This article is a beginner’s guide to Apache Kafka basic architecture, components, concepts, etc. Here we will try and understand what is Kafka, what are the use cases of Kafka, and what are some basic APIs and components of the Kafka ecosystem.
What is Kafka?
Kafka is a distributed (a collection of multiple separate servers/data storage in a connected network) messaging systems based on the principle of the pub-sub (publish-subscribe) model. It lets us publish and subscribe to the stream of records. It’s an incredibly fast, highly scalable, fault-tolerant system. It can also store a stream of records. Kafka can be used as a messaging system but on a rather incomparably huge scale.
Use Cases of Kafka
Kafka has many use cases. I have listed some of the very popular ones below –
- Kafka can be used as a robust publish-subscribe system.
- Kafka can work as a message broker solution as well.
- One use case of Kafka is User Interaction/Website activity tracking. On a website, a user is visiting all pages, what they are searching, what link they are clicking on, etc are published for back-end analytics and user interaction pattern discovery. Each of these different events in general has a separate topic.
- One of the very compelling use cases of Kafka is Application log collection and metrics. In distributed environments, there will be a huge number of servers and each will generate log files. It’s nearly impossible to go through each server to check the logs. One solution to this is to design a centralized logging system. From individual servers and applications, Kafka can receive the data/events, process the same with stream API, and publish it to the appropriate topics.
- Kafka is an excellent choice for building a processing pipeline of data streams that go through the different stages of processing, transformation, etc. One such use can be a recommendation system in an e-commerce website or mobile application. User activities, clicks, etc can be tracked and published to a topic like “useractivities“; the events in this topic may further be processed for de-duplication and enrichment, building user interest graph and the same can be used to recommend different possible products of interest to the user.
Apache Kafka Basic Architecture, Components, and concepts
As illustrated in the above diagram, Kafka has the following core APIs –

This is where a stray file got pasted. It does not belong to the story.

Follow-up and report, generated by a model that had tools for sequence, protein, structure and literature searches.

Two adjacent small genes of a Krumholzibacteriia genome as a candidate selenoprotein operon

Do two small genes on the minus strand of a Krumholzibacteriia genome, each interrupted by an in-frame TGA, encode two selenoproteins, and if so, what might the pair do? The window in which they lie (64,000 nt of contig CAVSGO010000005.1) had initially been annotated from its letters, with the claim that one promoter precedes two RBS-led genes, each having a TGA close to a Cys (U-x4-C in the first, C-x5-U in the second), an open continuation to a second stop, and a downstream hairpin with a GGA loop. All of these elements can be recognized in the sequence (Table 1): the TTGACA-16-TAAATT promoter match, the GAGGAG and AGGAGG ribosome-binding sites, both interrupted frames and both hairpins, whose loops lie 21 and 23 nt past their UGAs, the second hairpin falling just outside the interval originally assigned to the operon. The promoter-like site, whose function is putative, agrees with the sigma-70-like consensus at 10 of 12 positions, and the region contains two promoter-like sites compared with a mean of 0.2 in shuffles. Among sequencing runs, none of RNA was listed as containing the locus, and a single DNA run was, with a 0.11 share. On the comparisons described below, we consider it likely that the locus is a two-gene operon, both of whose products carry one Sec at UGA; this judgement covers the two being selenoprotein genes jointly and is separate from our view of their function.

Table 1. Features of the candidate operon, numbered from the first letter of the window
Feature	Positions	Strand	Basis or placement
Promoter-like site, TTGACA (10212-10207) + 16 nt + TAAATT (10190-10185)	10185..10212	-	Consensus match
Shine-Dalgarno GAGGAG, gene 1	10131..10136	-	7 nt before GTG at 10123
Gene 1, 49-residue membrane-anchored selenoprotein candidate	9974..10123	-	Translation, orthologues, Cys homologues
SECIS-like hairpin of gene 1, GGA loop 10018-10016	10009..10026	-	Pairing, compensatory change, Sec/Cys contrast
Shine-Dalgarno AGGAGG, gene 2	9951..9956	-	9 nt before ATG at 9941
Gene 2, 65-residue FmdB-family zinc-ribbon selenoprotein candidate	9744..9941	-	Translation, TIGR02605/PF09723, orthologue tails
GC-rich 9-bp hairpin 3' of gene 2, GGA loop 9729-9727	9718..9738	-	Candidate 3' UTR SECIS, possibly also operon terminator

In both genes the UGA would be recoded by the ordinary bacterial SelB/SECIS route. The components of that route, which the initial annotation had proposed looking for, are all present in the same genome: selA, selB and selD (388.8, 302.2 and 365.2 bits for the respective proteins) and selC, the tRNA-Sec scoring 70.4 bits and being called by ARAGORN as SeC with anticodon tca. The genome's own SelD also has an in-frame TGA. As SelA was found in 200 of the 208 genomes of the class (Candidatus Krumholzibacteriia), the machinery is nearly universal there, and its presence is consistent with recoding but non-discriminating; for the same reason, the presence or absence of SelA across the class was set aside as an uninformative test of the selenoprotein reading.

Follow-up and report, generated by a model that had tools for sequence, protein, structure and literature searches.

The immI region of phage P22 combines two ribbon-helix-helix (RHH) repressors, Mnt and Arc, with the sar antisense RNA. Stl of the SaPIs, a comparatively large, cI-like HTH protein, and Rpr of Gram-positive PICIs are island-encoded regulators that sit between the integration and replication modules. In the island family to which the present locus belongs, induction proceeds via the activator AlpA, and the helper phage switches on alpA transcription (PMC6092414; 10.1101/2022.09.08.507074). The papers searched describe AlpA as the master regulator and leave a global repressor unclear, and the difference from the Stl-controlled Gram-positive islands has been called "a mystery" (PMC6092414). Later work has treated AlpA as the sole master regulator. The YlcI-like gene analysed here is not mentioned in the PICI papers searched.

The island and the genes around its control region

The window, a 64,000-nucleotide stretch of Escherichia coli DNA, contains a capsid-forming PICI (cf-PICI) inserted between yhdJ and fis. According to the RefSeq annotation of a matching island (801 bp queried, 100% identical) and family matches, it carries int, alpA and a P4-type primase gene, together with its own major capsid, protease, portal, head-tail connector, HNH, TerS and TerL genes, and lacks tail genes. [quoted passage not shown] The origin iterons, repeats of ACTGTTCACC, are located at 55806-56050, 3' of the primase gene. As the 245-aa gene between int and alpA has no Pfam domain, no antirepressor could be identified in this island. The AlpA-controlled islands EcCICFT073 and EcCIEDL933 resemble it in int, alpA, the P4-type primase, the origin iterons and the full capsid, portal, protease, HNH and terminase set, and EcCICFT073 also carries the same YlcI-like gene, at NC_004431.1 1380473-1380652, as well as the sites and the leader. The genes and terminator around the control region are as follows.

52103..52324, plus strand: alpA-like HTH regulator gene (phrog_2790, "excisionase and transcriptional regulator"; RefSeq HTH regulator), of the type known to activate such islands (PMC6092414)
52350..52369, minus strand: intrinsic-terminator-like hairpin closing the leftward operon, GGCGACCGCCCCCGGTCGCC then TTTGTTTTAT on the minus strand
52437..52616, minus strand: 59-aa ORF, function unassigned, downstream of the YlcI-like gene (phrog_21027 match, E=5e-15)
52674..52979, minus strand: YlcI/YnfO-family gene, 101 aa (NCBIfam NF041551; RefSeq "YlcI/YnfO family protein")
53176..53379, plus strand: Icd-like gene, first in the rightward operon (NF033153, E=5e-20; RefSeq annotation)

- Producer API – This API enables the source or sender system to send data to the topics in Kafka cluster(s).
- Consumer API – This API enables the receiving or consuming application to consume the data from Kafka cluster(s).
- Streams API – This API enables the transformation of incoming data; transformation may be simple mapping, filtering, aggregation, etc.
- Kafka Connect Source API – When we have very similar or similar source systems and every system writes similar code to connect to the Kafka cluster. To avoid such a situation, this API is provided that helps developers to reuse/configure instead of writing repeatable code.
- Kafka Connect Sink API – Similarly, this API sinks the data from Kafka into the target system.
- AdminClient API – This API provides the capability to manage various Kafka objects.
- Mirror Maker – Kafka mirror-making tool provides the feature to mirror data between Kafka clusters. A common use case for this feature is creating a backup/replica of the dataset in another data center.
- Zookeeper – The zookeeper is a must for running Kafka and is used to coordinate/manage its brokers and operations.
Kafka Fundamental Concepts
In this section, we’ll go over some fundamental concepts of Kafka. It’s imperative to have a clear understanding of these concepts. The concepts will be useful when we start working on tutorials.
In a pub-sub model, “topic” is a logical channel to which producers publish a message and from which the consumers receive messages; the same applies to Kafka as well.
- In Kafka, a topic defines the stream of a particular type/classification of data.
- Messages are structured or organized into topics. In other words, a particular type of message is published on a particular topic.
- A producer writes its messages to the topics and consumers read those messages from topics.
- A topic is identified by its name and must be unique in a Kafka cluster.
- There is no limitation on the number of topics.
- How long a published data will be kept in Kafka is configurable. By default, it’s kept for 1 week.
- Once data is published to a topic, it can’t be changed/updated. The data in the offset (refer to partitions below to understand the offset concept) will remain immutable.
Topics are split into partitions and are replicated across brokers in a Kafka cluster.
- In general, there is no guarantee to which partition a published message will be written.
- However, there is a possibility of adding a key to a message. If a producer publishes a message with a key, it’s ensured that all these messages (with the same key) will end up in the same partition. This is how Kafka provides a message sequencing guarantee.
- Data is written to partitions randomly unless a key is added to it. (described in the previous point)
- Messages are stored in a sequenced fashion in one partition.